Inclement weather is putting the brakes on attempts at salvaging a ship — a mini bulk carrier — that ran aground off Kavaratti on August 15. While Essar Shipping Ports and Logistics Ltd., which owns Nand Aparajita, has engaged a company to refloat the vessel and deployed 14 personnel, the Lakshadweep administration has issued notice to the owner to speed up the process.

“In order to avert an oil spill, we sought help from the Navy and the Coast Guard and the ship was de-fuelled soon after it got grounded,” Lakshadweep Administrator J.K. Dadoo told The Hindu.

“The ship was emptied of diesel on August 19, ruling out any possibility of oil pollution or environmental damage,” said B.K. Loshali, Commander of Coast Guard District Headquarters No.4, which has jurisdiction over Kerala, Lakshadweep and Mahe.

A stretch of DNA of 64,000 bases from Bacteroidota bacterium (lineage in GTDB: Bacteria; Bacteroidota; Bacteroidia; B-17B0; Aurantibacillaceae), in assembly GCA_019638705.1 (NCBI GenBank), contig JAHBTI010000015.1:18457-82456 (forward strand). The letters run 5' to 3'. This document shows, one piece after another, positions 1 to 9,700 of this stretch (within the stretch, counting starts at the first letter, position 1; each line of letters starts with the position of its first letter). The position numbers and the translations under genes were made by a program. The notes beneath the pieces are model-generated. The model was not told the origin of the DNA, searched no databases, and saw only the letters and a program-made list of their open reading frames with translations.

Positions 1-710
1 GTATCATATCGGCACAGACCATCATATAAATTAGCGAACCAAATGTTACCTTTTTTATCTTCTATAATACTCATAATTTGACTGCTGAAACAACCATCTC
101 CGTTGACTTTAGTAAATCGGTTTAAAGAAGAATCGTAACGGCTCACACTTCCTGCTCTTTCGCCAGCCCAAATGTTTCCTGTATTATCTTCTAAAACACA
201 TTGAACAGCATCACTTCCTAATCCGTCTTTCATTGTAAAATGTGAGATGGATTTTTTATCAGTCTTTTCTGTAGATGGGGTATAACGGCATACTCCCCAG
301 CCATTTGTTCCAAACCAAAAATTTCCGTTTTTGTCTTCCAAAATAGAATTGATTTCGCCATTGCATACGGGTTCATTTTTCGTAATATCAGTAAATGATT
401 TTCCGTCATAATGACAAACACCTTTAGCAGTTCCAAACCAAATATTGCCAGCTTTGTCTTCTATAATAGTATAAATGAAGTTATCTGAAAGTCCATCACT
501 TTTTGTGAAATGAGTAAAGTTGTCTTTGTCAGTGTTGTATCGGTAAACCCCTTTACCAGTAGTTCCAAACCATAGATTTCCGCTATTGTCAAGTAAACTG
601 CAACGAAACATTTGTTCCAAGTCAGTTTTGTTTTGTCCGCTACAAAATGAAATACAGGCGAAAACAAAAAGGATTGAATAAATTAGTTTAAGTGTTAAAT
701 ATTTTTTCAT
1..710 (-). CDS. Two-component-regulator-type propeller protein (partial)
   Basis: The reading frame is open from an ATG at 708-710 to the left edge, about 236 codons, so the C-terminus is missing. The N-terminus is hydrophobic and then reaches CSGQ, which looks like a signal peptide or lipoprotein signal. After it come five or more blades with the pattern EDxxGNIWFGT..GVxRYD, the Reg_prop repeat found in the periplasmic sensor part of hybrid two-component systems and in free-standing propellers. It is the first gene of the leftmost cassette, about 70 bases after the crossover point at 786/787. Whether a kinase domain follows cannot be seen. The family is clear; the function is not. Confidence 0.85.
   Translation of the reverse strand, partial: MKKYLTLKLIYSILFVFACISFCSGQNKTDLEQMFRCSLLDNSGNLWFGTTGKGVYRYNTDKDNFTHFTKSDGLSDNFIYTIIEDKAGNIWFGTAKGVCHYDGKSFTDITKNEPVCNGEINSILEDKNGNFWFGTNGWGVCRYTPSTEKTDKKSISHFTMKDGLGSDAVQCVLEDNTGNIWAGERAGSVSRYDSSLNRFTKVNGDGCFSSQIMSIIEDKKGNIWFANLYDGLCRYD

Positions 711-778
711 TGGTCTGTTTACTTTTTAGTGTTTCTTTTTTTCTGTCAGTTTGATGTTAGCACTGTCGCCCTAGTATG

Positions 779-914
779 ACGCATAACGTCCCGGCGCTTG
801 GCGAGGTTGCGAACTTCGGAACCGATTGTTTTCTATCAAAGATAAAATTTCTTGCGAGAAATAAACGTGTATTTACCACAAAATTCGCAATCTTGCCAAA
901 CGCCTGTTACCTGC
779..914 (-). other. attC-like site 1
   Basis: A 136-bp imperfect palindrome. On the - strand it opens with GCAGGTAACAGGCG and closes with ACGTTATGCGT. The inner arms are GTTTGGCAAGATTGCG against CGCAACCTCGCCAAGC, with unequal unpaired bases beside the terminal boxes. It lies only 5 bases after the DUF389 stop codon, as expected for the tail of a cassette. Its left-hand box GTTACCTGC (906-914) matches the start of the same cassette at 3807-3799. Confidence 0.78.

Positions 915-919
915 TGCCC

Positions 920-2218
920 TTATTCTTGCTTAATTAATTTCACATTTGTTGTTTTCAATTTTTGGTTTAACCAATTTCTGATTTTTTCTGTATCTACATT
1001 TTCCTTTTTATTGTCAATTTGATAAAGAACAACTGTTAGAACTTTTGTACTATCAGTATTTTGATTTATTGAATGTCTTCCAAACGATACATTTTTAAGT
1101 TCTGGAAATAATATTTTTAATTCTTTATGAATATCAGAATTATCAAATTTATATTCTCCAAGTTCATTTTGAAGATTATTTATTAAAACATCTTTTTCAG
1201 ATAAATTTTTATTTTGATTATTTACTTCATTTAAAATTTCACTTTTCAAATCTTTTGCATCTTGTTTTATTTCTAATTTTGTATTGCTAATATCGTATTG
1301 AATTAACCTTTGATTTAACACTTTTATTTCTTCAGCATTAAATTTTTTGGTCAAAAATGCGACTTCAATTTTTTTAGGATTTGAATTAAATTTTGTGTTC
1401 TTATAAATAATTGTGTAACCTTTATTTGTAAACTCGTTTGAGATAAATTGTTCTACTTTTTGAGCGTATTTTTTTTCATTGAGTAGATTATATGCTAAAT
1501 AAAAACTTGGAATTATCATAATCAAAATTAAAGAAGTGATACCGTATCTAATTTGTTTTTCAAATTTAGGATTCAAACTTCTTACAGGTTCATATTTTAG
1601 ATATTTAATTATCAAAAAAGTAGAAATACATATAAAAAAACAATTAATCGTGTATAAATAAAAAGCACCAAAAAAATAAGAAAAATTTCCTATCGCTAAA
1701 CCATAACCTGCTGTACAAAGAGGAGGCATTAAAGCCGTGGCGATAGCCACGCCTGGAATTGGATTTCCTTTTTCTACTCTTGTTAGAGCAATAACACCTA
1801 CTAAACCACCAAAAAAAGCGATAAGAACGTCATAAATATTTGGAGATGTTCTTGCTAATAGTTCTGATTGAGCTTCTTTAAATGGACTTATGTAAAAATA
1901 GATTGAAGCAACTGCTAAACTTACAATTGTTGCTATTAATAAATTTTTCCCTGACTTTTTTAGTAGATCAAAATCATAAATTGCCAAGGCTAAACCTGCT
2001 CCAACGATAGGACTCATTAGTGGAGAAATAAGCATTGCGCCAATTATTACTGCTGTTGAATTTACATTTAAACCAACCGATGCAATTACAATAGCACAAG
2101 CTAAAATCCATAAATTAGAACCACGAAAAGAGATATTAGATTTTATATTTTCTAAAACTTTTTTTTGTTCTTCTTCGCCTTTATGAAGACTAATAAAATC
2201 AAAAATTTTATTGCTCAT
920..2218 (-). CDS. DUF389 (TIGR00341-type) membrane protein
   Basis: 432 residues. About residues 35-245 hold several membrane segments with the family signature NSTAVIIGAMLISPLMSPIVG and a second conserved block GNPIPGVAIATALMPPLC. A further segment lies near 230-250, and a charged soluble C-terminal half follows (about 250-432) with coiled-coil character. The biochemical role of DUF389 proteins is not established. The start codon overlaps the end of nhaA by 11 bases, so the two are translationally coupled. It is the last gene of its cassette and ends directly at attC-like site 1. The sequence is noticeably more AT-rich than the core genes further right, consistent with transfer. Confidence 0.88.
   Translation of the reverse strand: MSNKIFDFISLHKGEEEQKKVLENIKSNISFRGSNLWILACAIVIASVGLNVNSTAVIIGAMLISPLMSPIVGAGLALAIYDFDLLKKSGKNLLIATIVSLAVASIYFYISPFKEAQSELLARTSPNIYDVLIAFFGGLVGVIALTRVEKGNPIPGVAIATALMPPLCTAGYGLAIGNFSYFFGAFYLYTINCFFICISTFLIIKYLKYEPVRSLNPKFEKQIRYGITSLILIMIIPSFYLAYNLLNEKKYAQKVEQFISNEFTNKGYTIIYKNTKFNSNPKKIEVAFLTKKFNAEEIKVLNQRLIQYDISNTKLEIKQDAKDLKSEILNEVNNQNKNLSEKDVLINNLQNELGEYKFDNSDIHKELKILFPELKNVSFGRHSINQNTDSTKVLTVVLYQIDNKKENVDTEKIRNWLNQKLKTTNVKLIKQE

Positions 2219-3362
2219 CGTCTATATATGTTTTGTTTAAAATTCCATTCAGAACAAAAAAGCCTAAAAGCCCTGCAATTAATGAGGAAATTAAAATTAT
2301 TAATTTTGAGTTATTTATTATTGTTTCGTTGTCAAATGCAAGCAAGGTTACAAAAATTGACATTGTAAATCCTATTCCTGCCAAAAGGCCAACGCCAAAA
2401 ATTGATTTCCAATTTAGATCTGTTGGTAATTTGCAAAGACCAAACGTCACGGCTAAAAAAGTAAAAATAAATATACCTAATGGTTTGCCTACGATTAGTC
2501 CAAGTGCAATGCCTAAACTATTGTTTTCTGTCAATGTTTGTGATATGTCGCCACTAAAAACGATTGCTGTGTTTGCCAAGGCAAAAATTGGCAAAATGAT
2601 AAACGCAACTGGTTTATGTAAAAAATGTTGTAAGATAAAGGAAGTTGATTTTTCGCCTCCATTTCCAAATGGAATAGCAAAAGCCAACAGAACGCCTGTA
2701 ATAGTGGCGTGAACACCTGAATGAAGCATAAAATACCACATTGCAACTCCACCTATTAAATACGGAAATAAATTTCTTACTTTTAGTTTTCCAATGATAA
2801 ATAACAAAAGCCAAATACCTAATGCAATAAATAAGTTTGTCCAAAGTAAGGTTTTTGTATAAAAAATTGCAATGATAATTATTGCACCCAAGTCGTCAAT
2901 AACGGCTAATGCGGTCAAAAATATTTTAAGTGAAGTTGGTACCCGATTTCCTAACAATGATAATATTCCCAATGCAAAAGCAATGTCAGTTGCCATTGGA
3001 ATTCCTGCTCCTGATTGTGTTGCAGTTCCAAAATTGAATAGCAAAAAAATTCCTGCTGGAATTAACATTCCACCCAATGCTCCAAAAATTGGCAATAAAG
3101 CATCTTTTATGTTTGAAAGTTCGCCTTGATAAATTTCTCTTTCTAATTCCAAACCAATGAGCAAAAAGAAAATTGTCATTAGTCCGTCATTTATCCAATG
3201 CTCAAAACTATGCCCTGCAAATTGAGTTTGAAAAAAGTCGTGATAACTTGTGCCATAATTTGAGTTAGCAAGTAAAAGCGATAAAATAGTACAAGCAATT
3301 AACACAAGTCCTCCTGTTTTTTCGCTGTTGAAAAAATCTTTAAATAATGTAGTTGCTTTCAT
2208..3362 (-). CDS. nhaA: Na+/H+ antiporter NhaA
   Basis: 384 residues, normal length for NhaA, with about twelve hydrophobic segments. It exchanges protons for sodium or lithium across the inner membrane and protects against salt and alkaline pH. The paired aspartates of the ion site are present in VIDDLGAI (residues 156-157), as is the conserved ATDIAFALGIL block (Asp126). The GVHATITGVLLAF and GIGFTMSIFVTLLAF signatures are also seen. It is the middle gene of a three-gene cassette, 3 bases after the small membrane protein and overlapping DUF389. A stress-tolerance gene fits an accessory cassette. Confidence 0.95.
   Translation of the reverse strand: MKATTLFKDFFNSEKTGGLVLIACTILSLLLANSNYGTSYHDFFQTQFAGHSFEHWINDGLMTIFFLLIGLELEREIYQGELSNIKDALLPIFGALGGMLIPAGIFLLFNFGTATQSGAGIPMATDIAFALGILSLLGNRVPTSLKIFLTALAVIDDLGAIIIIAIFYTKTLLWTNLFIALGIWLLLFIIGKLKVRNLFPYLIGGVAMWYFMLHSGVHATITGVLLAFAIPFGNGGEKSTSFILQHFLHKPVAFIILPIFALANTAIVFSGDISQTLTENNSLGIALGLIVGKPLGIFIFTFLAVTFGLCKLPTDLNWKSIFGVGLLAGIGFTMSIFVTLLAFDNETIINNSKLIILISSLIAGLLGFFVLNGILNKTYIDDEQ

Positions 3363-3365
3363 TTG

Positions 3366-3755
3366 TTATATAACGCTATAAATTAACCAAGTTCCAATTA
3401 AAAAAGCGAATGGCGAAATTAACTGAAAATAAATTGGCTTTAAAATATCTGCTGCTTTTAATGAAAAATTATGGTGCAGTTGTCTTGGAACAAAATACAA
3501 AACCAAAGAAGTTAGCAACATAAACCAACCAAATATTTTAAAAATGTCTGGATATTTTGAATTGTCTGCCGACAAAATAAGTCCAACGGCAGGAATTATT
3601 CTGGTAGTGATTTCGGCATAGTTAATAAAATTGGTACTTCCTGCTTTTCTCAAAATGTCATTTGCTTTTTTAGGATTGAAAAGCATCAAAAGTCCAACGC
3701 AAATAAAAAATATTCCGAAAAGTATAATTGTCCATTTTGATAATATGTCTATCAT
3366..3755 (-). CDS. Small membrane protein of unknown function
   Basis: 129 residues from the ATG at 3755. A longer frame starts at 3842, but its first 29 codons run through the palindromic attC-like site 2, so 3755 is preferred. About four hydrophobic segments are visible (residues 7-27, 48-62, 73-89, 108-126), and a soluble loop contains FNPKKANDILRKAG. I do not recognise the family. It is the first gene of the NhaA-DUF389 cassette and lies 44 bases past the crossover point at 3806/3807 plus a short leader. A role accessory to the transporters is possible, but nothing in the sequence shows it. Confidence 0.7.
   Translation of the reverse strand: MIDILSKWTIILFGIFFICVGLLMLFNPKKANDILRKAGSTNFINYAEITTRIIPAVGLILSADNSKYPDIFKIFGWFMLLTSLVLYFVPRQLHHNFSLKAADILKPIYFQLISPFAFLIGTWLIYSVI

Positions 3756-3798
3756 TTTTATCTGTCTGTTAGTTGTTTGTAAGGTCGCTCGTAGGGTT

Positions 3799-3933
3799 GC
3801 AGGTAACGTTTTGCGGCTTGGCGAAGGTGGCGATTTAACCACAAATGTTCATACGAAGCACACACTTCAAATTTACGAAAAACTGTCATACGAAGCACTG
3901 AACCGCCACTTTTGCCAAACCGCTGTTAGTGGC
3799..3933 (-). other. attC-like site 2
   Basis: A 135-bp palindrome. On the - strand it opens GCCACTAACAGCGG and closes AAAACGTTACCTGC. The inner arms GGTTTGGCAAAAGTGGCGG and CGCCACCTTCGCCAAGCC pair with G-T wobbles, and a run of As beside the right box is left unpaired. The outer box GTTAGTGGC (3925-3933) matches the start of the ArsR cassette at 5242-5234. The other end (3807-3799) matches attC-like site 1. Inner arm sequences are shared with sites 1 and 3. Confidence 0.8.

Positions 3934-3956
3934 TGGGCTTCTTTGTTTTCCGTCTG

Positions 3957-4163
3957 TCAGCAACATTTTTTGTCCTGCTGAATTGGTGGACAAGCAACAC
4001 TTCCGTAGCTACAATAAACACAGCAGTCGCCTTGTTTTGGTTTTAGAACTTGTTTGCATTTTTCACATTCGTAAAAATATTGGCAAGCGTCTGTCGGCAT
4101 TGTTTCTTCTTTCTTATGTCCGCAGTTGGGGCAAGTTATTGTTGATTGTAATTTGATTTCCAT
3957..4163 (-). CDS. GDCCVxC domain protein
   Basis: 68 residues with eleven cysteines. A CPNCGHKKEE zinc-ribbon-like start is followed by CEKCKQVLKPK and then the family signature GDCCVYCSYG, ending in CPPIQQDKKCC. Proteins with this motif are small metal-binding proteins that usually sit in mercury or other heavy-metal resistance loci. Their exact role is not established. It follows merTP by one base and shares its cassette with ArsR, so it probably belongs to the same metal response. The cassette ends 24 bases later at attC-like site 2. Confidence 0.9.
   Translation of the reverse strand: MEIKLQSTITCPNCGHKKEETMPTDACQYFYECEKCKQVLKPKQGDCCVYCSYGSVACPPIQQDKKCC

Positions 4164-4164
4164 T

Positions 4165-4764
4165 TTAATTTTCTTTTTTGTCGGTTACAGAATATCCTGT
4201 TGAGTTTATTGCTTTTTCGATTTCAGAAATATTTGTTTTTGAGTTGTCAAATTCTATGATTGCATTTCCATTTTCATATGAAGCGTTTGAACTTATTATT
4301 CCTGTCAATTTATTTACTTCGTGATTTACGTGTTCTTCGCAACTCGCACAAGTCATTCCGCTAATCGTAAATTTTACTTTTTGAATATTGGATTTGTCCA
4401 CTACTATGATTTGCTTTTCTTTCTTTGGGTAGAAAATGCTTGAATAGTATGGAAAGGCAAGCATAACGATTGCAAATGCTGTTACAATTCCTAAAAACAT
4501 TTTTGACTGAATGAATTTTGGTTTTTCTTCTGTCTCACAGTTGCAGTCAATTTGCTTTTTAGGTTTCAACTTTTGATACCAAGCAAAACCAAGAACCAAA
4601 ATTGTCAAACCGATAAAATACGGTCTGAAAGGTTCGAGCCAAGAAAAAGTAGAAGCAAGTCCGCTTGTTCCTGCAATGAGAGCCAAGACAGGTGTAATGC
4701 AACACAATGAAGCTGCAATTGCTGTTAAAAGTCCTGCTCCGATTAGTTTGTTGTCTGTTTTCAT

However, the rough sea and the foul weather prevented transfer of cargo — 1,300 tonnes of cement and steel. Breakers in the vicinity of the accident site and the choppy sea stood in the way of positioning a barge astride the 2,277-tonne Nand Aparajita for transfer of cargo. “But they managed to erect a ramp from the shore to the vessel for transporting the cement which cured owing to wetness. Over 1,000 bags are left to be removed now and we are putting pressure on them to do it fast and take out the vessel,” Mr. Dadoo said.

M.P. John, Principal Officer of the Marine Mercantile Department, Kochi, said the empty vessel did not appear to pose any threat to the environment; nor did it hinder the passage of ships. “However, the onus is on the shipping company to lighten the vessel and winch it up.”

In response to a query, an Essar spokesperson said the company continued to brief local authorities on the day-to-day progress of the salvage operations.


First one-dayer abandonedOctober 17, 2010

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